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William Morris's Press Goes to a Museum, and Newton's Principia Sets a Record

Jeanne Schinto | December 6th, 2013


William Morris, when contemplating “what should be the thing most to be longed for” in life, said he thought it should be, first, “a beautiful House” and then “a beautiful Book.” “To enjoy good houses and good books in self-respect and decent comfort seems to me to be the pleasurable end toward which all societies of human beings ought now to struggle,” he once wrote in an unfinished essay. On this Hopkinson & Cope Albion No. 6551 at Morris’s Kelmscott Press was printed The Works of Geoffrey Chaucer, considered to be among the most beautiful books in the world.

The Christie’s catalog called The Kelmscott/Goudy Press “the most famous printing press in the annals of modern fine press printing.” It sold to the Cary Graphic Arts Collection at the Rochester Institute of Technology in Rochester, New York, for $233,000 (est. $100,000/150,000). Schinto photos.


These are among the 70 pages of autograph notes written on sheets of yellow legal pads by John F. Kennedy during his 1960 presidential campaign that sold to a member of the trade in the room for $15,000 (est. $5000/7000).


King James II’s presentation copy of Sir Isaac Newton’s Philosophiae Naturalis Principia Mathematica sold for $2,517,000 (est. $400,000/600,000). According to Christie’s, the price is the new world auction record for a scientific book.


This $5 check, signed by Abraham Lincoln to his barber and valet, “William Johnson (Colored),” sold on line for $13,750 (est. $8000/12,000). Johnson worked for Lincoln for much of 1861 and then sporadically, but he did accompany him in December 1863 to Gettysburg, where he may have contracted smallpox. (Lincoln himself suffered with smallpox beginning shortly after his return from Gettysburg.) The disease proved fatal for Johnson, who died in January 1864, and Lincoln paid for his funeral and tombstone. The check was dated October 27, 1862.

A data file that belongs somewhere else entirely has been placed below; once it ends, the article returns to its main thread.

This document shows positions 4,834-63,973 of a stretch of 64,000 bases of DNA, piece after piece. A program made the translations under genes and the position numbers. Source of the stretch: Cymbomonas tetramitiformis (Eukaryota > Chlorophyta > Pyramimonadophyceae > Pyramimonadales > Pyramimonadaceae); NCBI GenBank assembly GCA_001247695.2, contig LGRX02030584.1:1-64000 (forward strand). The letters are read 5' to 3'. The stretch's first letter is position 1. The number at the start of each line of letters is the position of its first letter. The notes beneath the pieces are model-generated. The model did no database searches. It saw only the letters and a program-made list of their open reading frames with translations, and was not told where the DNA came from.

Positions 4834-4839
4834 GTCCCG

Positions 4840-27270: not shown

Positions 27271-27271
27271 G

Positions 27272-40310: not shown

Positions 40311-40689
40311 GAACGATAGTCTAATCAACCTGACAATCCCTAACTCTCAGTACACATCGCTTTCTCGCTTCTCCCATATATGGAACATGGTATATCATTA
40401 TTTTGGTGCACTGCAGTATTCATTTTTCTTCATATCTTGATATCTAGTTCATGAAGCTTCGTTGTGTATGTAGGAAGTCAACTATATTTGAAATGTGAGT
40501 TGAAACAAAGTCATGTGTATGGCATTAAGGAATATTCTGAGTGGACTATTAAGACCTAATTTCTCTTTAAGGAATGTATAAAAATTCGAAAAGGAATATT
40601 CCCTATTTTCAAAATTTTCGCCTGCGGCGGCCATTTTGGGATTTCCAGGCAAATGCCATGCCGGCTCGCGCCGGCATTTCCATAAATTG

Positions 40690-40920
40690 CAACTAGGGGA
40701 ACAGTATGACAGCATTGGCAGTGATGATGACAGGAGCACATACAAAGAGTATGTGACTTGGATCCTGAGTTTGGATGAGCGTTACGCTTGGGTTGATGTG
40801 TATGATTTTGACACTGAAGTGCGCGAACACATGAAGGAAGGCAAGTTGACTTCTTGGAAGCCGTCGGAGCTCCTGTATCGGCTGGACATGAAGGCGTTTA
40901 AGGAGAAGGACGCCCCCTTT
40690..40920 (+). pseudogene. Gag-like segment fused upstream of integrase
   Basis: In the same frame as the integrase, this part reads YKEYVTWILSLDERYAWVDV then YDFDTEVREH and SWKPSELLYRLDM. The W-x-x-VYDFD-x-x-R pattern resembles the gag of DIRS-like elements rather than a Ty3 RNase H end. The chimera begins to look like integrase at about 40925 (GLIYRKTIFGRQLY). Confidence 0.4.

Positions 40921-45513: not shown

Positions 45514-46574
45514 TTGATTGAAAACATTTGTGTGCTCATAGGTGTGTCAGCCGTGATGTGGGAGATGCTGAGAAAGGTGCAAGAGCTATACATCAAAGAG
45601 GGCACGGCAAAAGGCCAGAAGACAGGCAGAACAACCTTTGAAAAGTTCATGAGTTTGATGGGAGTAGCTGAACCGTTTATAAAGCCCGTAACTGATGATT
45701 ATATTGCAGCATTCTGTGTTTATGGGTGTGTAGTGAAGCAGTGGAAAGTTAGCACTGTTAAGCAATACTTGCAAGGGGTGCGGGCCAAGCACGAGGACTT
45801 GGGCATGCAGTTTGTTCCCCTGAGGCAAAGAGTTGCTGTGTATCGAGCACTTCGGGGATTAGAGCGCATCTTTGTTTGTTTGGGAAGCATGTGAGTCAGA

George Washington’s gold fob personal seal, engraved with his coat of arms, sold on the phone to a private individual for $245,000 (est. $200,000/250,000). It is 1¾" tall.


This George Washington autograph document sold for $245,000 (est. $250,000/300,000). Dated July 15, 1799, five months before the former president’s death, the four-page signed list described 40 slaves that Washington had leased from a neighbor and was seeking to divest.


This battle damage assessment map of Pearl Harbor sold for $425,000 (est. $400,000/600,000). Hand-drawn by Mitsuo Fuchida, lead pilot of the Japanese attack, in preparation for a briefing of Emperor Hirohito, it is dated December 26, 1941, and its dimensions are 31¾" x 23 5/8". Shown with it in the catalog was a Japanese photo of an early phase of the attack.

Christie’s, New York City

Photos courtesy Christie’s

At Christie’s sale of fine printed books and manuscripts in New York City on December 6, 2013, one of the two top highlights was not made of paper. It was an iron printing press. Gutenberg’s invention was a 15th-century marvel of movable type that revolutionized the world. The press that sold in the salesroom at 20 Rockefeller Plaza isn’t revered today for any technological innovation. Made by Hopkinson & Cope, London, in 1891, it isn’t even particularly old. Its greatness lies in its association with the person who used it and what he used it for.

Known as the Albion No. 6551, the press belonged to British designer, poet-writer, traditional crafts reviver, and social reformer William Morris (1834-1896). He bought it for his Kelmscott Press, which was in operation only in the last half-dozen years of his life. Morris, who referred to Kelmscott Press as his “little typographical adventure,” strove to revive the skills of hand printing. At the other end of the spectrum, bigger editions of books meant more literacy for more people, to be sure, but it also meant the horrendous smell that comes from wood-pulp paper mills and the scourge of meritless mass-marketed paperbacks, e.g., Fifty Shades of Grey. Morris believed that mechanization had destroyed, among other things, the potential for books to be genuine works of art.

This big (nearly 7' tall) black-painted behemoth, which requires substantial physical power and manual agility to operate, was the third Albion that Morris bought for Kelmscott Press, situated in a rented cottage in Hammersmith on the western outskirts of London not far from where he lived. With it, in the final two years of his life, he printed his masterpiece, The Works of Geoffrey Chaucer. Decorated with ornamental initials and borders, and illustrated with 87 images by Edward Burne-Jones, Morris’s Chaucer is considered one of the most beautiful books ever produced. Burne-Jones, a celebrated Victorian painter who was Morris’s friend and collaborator, compared the book to “a pocket cathedral.” Someone else said that the letters and decorations looked not only as if they had grown one out of the other, but “as if they could go on growing.”